Not everything is grim, of course, even within this generally depressing regional environment. Libya has consistently confounded the skeptics. Despite its many remaining problems, most notably the continuing presence of armed militias only tenuously connected to the emerging political order, Libya’s successful elections have produced a transition to a democratic, civilian government which few thought possible. Yemen has slightly outperformed (very low) expectations, as its new president has tentatively pushed to restructure the military and assert his authority. Tunisia continues to amaze, despite its crushing economic problems and the emergence of some worrying polarization around religious issues. Even Sudan saw glimmers of popular protest.
But those signs of hope have been overwhelmed by the two largest and most consequential of the Arab arenas: Egypt and Syria. The seating of Mohamed Morsi as the elected president of Egypt broke the fever which had kept Egyptians in a state of political frenzy for many long months. The air had largely gone out of Egyptian politics, even before the latest crisis in the Sinai. This isn’t necessarily a bad thing. Egypt’s constant state of crisis and daily reversals of fortune over the first half of 2012 brought us all close to the brink of complete nervous breakdown, and a timeout to regroup was badly needed. Unfortunately, that "strategic pause" seems to have been largely wasted, and the transition to civilian rule which seemed so important seems to be failing to deliver constitutional legitimacy.
Egypt’s "pause" should have been an opportunity to get state institutions working again, start dealing with economic disaster, reassure international investors, and rebuild the lost political consensus around the revolution. Instead, it has been frittered away in nervous jockeying between the Muslim Brotherhood and the military. Politics has become ever more polarized between Islamists and their rivals, with virtually any move on either side viewed with suspicion and the worst intentions ascribed (was the Muslim Brotherhood’s effort to clean the streets really a nefarious scheme, rather than a smart move to try to actually do something positive?). Revolutionary movements grow every more alienated from the emerging political order, but have done little to build an alternative political movement. The technocratic government which Morsi finally appointed has failed to spark new political energies (though, to be fair, had he appointed an Islamist-dominated government instead the reaction would have been far worse). Indeed, in almost every way the Muslim Brotherhood’s decision to seek the presidency is proving to be the strategic disaster that it appeared at the time — alienating other political forces without gaining any real power. Egypt may not be in the midst of crisis right now, but it is deep in the political doldrums and looking ever more like the latter-day Mubarak period which the revolution erupted in order to change.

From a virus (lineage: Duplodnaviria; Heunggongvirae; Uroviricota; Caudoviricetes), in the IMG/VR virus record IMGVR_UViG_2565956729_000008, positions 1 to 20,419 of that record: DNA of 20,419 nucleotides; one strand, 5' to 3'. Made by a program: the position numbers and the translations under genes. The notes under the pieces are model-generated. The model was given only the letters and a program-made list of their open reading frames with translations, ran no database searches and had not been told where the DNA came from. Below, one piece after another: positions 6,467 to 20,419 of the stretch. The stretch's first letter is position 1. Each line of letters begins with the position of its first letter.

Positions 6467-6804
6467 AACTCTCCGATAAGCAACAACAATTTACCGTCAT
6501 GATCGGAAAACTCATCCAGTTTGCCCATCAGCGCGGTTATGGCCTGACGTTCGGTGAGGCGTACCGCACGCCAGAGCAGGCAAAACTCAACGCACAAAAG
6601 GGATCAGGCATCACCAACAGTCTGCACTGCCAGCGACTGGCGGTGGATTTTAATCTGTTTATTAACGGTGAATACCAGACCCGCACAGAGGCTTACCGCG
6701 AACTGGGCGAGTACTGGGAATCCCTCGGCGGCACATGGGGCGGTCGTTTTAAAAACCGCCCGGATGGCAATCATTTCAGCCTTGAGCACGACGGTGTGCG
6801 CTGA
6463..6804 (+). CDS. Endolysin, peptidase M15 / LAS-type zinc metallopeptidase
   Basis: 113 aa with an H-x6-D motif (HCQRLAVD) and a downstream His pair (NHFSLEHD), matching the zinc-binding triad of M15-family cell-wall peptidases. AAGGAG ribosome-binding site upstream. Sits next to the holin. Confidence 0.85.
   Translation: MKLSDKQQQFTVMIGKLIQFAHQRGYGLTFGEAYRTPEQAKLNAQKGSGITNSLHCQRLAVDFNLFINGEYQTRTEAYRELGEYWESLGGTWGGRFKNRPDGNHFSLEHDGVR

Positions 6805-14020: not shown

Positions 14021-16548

And then, of course, there is Syria. The worst fears about Syria have now largely materialized. With international diplomacy having failed, the conflict has now turned nearly completely into an armed insurgency against a rotting but still capable military regime. The insurgency, fueled by Syrian outrage against Assad’s brutality and backed by foreign cash, arms, media, and political aid, can sustain itself indefinitely and has little reason to compromise. Assad’s regime has little incentive not to fight to the death, and still retains not inconsiderable domestic support and external Russian and Iranian backing. The chances for a political solution were never great, but the unfolding civil war is showing exactly why diplomacy was worth the effort.
The emerging Syrian insurgency is nothing to celebrate. I still believe that Assad is ultimately doomed, as his brutality and political clumsiness has wiped away any hope of restoring legitimate rule over the country. Certainly, the responsibility for political failure and the turn to violence lies with the regime. But the fighting, bloodshed, and spreading sectarianism will leave scars and undermine hopes for political reconciliation in whatever follows Assad. So will the proliferation of weaponry into the hands of armed groups which still lack any real leadership or cohesion, to say nothing of a clear political agenda. The role of al Qaeda may be exaggerated in some of the reporting, but jihadist fighters are now clearly present and playing an active role, and they will not be easily dimissed when the fighting ends.